Deron Williams didn't believe he deviated much from the way he operated in Game 2, but his body language as he spoke about how the Nets climbed back into the series suggested otherwise.

After going scoreless two nights earlier, Williams had a bigger impact in the Nets' 104-90 victory over the Heat in Game 3 of their Eastern Conference semifinal series Saturday night. Although he shot just 3-for-11 and had only nine points, he had 11 assists and consistently found his teammates with solid ball movement, making it difficult for Miami's defense to lock in on anyone.

"The way they are playing me with two on the ball and coming up at me, I need to make the right plays and get people the ball,'' he said. "I think I did that. I tried to attack a little bit more and get to the basket, but I just did not convert."

Kevin Garnett liked what he saw out of Williams. "I thought Deron played great," he said. "He showed a lot of character, a lot of grit. I thought he led us and he got guys easy shots. We are going to need that. It's huge. I told him after Game 2, 'You're not going to play great every night, but you bring so many different dimensions to the game, so lean on that.'

"I try to be a confident teammate for him, give him confidence and fuel him and just let him know that it's not the end of the world, not to be hard on yourself. I told him to enjoy Mother's Day."

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Temper, temper

Emotions flared early in the third quarter when the Heat's Ray Allen got mixed up with Alan Anderson. Miami was on offense and trailing 85-67 when they became intertwined, and Allen crashed to the floor as if he were trying to sell a foul on Anderson. The play was reviewed, double technical fouls were called and that was basically the end of it.

"Just got tangled up," Anderson said. "I know he was trying to come off staggered and I was just trying to be on his body to not give him any air space because that's all he needs is one second."

Joltin' Joe

On the way to scoring 19 points, Joe Johnson nailed five three-pointers, marking the fourth time he's done it in his career and first since May 2, 2011, when he was with the Hawks. Johnson also had six assists, which were the most he's posted since 2010.

"Joe is a good player, a great player, actually," LeBron James said. "He's a big load. He's a matchup problem for a lot of defenses and he makes tough, contested shots . . . He's an unbelievable player. He plays at his own tempo, can't speed up. He's a big body, too, as well, so he can get physical with us as well. Really a solid, great player in our league.''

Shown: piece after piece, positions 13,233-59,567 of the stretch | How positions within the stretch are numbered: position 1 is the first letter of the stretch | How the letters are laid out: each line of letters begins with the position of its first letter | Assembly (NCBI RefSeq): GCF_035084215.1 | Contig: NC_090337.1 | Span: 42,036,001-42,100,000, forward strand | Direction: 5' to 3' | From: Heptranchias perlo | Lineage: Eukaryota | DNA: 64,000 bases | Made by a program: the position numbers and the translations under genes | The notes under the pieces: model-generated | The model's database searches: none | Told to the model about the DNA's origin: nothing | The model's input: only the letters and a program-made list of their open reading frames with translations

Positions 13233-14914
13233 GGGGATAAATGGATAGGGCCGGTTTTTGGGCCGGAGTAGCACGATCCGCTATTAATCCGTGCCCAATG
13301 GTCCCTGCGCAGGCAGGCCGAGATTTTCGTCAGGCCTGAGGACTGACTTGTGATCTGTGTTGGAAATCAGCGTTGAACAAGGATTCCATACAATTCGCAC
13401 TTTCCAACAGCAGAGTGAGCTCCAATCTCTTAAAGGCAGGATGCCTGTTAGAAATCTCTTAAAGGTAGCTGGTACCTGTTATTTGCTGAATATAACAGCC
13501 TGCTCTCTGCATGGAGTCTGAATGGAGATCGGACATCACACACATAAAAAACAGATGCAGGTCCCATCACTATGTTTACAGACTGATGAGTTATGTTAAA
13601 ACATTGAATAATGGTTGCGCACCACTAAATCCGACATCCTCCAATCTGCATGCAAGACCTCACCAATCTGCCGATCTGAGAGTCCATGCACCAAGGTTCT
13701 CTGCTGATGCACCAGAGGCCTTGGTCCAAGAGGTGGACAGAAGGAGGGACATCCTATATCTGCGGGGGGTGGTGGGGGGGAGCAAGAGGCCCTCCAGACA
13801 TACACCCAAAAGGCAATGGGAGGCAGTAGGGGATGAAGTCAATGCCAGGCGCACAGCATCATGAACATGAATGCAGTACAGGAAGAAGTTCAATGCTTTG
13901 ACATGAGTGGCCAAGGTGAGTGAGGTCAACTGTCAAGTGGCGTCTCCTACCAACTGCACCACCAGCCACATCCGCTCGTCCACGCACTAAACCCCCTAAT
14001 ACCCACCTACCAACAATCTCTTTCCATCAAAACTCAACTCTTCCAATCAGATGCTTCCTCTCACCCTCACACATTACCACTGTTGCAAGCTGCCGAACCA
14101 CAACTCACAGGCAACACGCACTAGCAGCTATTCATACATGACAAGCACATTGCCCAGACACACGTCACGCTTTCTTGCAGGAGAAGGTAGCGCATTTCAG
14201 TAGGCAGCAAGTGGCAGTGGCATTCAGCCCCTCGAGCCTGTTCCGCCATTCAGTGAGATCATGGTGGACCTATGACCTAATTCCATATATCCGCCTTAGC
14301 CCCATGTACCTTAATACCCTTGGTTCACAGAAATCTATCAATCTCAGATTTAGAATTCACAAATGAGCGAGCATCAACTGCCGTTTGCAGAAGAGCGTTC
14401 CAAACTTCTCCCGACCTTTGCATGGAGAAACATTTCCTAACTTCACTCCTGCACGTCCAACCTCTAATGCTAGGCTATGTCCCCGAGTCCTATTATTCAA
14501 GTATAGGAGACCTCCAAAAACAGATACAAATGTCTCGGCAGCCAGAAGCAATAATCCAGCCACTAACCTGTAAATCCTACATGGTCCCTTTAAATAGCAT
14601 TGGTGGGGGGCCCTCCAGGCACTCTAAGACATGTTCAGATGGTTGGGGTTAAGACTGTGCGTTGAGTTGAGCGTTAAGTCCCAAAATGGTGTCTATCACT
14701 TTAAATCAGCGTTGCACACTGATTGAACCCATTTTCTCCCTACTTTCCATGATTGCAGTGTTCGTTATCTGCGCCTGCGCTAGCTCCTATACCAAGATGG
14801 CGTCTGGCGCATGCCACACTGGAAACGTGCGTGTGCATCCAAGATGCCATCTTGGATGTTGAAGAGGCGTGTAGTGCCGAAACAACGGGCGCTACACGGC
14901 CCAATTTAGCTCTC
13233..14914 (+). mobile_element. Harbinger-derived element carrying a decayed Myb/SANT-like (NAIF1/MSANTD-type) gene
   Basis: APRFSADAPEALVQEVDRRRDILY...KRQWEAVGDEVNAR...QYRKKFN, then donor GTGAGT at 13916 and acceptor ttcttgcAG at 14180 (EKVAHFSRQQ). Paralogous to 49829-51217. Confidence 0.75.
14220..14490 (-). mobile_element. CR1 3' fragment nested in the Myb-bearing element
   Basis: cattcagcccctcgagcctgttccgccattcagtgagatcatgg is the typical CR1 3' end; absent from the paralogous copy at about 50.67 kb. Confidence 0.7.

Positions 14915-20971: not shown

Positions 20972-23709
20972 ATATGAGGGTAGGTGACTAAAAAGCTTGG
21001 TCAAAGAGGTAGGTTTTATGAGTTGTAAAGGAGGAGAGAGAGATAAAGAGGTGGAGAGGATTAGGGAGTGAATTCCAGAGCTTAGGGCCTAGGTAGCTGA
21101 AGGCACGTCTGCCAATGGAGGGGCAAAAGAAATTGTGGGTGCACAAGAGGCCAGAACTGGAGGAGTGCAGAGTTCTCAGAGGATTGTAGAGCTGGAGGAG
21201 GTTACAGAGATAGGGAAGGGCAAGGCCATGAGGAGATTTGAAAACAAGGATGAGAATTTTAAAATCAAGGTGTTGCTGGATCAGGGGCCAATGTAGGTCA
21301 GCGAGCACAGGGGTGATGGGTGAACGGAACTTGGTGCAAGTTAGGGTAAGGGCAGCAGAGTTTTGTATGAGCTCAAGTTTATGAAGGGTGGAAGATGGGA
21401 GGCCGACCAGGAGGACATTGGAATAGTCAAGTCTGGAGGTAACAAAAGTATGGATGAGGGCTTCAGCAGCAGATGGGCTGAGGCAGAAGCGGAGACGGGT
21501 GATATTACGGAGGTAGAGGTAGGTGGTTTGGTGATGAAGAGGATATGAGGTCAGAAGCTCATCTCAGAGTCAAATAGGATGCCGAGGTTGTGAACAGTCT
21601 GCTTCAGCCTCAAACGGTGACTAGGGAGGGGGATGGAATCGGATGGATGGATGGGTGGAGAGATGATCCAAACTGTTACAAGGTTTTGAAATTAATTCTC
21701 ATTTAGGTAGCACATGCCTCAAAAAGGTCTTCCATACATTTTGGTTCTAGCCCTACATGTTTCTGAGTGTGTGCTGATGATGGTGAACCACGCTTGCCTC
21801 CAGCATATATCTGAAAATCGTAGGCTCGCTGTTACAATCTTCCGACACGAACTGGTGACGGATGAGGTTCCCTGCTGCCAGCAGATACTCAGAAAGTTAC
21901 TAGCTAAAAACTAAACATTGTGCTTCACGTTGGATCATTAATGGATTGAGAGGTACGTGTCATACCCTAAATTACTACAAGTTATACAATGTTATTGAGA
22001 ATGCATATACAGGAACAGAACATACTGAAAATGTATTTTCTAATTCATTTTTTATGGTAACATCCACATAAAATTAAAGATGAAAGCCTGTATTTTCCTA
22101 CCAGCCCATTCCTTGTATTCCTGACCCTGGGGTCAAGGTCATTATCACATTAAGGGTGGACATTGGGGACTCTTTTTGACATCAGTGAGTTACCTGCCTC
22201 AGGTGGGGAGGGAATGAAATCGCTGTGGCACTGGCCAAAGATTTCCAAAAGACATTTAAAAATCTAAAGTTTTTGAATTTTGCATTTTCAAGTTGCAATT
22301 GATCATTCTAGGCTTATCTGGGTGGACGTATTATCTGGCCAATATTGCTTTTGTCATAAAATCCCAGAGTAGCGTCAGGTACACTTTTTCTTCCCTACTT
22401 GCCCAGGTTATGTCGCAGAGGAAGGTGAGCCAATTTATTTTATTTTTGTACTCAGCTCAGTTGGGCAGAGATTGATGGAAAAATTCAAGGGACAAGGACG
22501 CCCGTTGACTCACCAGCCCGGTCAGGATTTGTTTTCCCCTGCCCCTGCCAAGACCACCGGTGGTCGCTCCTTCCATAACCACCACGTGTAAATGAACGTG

Kidd on LeBron

Jason Kidd paused briefly, partly for effect and also to give himself a few more seconds to dip into his 41-year-old memory bank.

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Someone had asked the Nets' coach to compare James' current repertoire in the low post to how the Heat superstar operated on the blocks in 2010-11, the last time Miami lost a playoff series.

"I've got to think,'' Kidd said. "That's a long time ago.''

Driven to excel, James has focused on improving different aspects of his game in each offseason. He worked on his post game with Hakeem Olajuwon during the summer of 2011 after losing in the Finals to Kidd and the Mavericks. That made James even more difficult to guard, as the Nets are witnessing in their Eastern Conference semifinal series.

"LeBron, I mean, he has the total package,'' Kidd said. "It's a matter of where they place him. In Cleveland, they had him on the perimeter, and also in Miami early, they had him on the perimeter. But he can post at any time.

"His IQ is extremely high. He's one of, if not the best, player on the planet. So what they've done is put him in the post, move him out on different spots of the floor.''

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Cleveland rocks

James said he spoke with buddy Johnny Manziel after the Browns drafted the quarterback but added that they didn't chat about the city James spurned in 2010. "No, he didn't ask me about Cleveland,'' he said. "He's excited about the opportunity . . . And I think he could be really good.''